The estimated time on target passed … but nothing happened. Babaei was getting ready to return to his jeep when a powerful blast shook the ground. The bomb had missed, but its psychological effect on Iraqi troops was surely profound.
By the war’s end in 1988, 34 of the 68 surviving F-14s were airworthy. But just two of the Persian Tomcats had working radars. And Iran had expended all of its original consignment of Phoenixes. More Phoenixes reportedly arrived as part of the hostages-for-arms deal with the United States, and in the post-war years Iranian Aircraft Industries experimented with “new” weaponry for the F-14 — including modified Hawk surface-to-air missiles that the shah had bought from the United States as well as Soviet-supplied R-73 missiles.
The experiments added flexibility to the F-14 force, but it was the spare parts that kept the Tomcats in working condition — and the Iranian air force quickly burned through the spares it obtained from the hostage deal. Tehran established self-sufficiency programs — not just in the air force, but across the nation’s economy — in an effort to satisfy material needs that foreign companies had once met.
In many sectors, the self-sufficiency initiative worked. Besides producing all its own oil, Iran has declared itself autonomous in agriculture, steel production, electricity generation and civil aviation. “Well before the advent of abundant oil wealth, Iranians have tended to see their country as a unique nation amply endowed with natural resources that could take care of itself without outside assistance,” said Rudi Matthee, a history professor at the University of Delaware.
But Iranian companies struggled to produce all the specialized parts that the Tomcat requires. In the late 1990s, the air force considered simply buying new planes to replace the F-14s, but China was the only country that would sell fighters to Iran. In 1997 and 1998, Iranian pilots evaluated China’s F-8 … and rejected it. Even deprived of spares and mostly grounded, the F-14s were superior to the Chinese planes in the eyes of Iran’s air force.
Tehran turned to the black market, paying huge sums to shady middlemen to sneak F-14 parts into Iran. American authorities became aware of the illicit trade as early as 1998. In March that year, federal agents arrested Iranian-born Parviz Lavi at his home in Long Island, charging him with violating U.S. export law by attempting to buy up spare parts for the F-14’s TF-30 engine and ship them to Iran via The Netherlands. Lavi got five years in prison plus a $125,000 fine.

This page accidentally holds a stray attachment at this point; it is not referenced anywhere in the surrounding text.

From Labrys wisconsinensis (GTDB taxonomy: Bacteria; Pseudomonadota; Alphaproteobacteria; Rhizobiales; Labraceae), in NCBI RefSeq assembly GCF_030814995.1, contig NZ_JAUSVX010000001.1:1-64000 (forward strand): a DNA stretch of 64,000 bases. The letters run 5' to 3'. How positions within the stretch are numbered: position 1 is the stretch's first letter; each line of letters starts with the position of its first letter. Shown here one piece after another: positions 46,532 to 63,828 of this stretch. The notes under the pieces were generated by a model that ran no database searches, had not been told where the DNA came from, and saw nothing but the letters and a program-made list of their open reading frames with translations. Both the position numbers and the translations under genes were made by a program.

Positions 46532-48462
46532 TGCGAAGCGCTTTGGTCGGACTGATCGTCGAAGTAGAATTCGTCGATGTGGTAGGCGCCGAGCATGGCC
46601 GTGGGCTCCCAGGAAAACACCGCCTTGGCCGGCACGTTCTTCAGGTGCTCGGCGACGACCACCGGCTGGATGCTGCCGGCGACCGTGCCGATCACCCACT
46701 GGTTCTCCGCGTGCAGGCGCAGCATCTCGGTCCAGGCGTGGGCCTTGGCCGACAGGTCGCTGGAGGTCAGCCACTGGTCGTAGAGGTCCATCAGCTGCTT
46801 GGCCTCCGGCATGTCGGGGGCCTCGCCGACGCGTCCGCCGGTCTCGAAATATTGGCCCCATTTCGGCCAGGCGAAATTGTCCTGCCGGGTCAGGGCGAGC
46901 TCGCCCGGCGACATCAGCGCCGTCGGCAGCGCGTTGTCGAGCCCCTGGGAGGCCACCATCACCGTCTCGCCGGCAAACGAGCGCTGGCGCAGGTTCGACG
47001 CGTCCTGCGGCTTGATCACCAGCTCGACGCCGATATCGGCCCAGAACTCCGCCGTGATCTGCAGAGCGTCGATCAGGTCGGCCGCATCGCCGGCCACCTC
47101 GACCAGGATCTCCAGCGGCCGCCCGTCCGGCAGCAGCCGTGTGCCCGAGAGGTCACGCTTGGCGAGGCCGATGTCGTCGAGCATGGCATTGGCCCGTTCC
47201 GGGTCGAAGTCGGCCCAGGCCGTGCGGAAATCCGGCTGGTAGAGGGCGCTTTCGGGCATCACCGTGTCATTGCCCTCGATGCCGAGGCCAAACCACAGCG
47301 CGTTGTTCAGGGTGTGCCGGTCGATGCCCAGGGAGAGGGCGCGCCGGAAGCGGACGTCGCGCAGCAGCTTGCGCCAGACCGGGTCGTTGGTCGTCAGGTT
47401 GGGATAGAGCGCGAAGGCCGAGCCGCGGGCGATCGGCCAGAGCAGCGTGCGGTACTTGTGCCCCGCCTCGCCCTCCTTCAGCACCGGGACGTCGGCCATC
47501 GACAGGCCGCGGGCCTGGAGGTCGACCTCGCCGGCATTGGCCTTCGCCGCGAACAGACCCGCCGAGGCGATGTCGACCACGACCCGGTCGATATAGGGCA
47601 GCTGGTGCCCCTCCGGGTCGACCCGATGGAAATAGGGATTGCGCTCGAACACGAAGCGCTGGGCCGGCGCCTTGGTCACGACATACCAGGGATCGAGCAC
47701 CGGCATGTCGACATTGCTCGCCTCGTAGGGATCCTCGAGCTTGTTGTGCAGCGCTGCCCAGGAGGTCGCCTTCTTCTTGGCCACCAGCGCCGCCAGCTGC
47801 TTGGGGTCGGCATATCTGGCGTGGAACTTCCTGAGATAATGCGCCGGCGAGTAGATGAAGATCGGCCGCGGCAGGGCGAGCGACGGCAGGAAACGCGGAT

The arrests came in a steady drumbeat. In 1998, an aircraft parts vendor in San Diego told U.S. customs officials that Multicore Ltd. in California had requested price information for air intake seals used only on the F-14. Agents arrested Multicore’s Saeed Homayouni, a naturalized Canadian from Iran, and Yew Leng Fung, a Malaysian citizen.
“Bank records subpoenaed by the Customs Service showed that Multicore Ltd. had made 399 payments totaling $2.26 million to military parts brokers since 1995 and had received deposits of $2.21 million,” The Washington Post reported. The company shipped parts mostly through Singapore.
The feds began investigating 18 companies that had supplied airplane components to Multicore.
In September 2003, U.S. authorities nabbed Iranian Serzhik Avasappian in a South Florida hotel as part of a sting operation. Agents had shown Avasappian several F-14 parts worth $800,000 and arrested him after he offered to buy the components.
“While these components may appear relatively innocuous to the untrained eye, they are tightly controlled for good reason,” Immigration and Customs Enforcement interim agent Jesus Torres said in a statement. “In the wrong hands, they pose a potential threat to Americans at home and abroad.”
Even with U.S. authorities tamping down on the illicit trade in F-14 parts, Iran persisted. After shutting down Multicore, the feds confiscated the firm’s Tomcat components and sent them to the Defense Department’s surplus-parts office. In 2005, a company — allegedly Iranian — bought the very same parts from the military.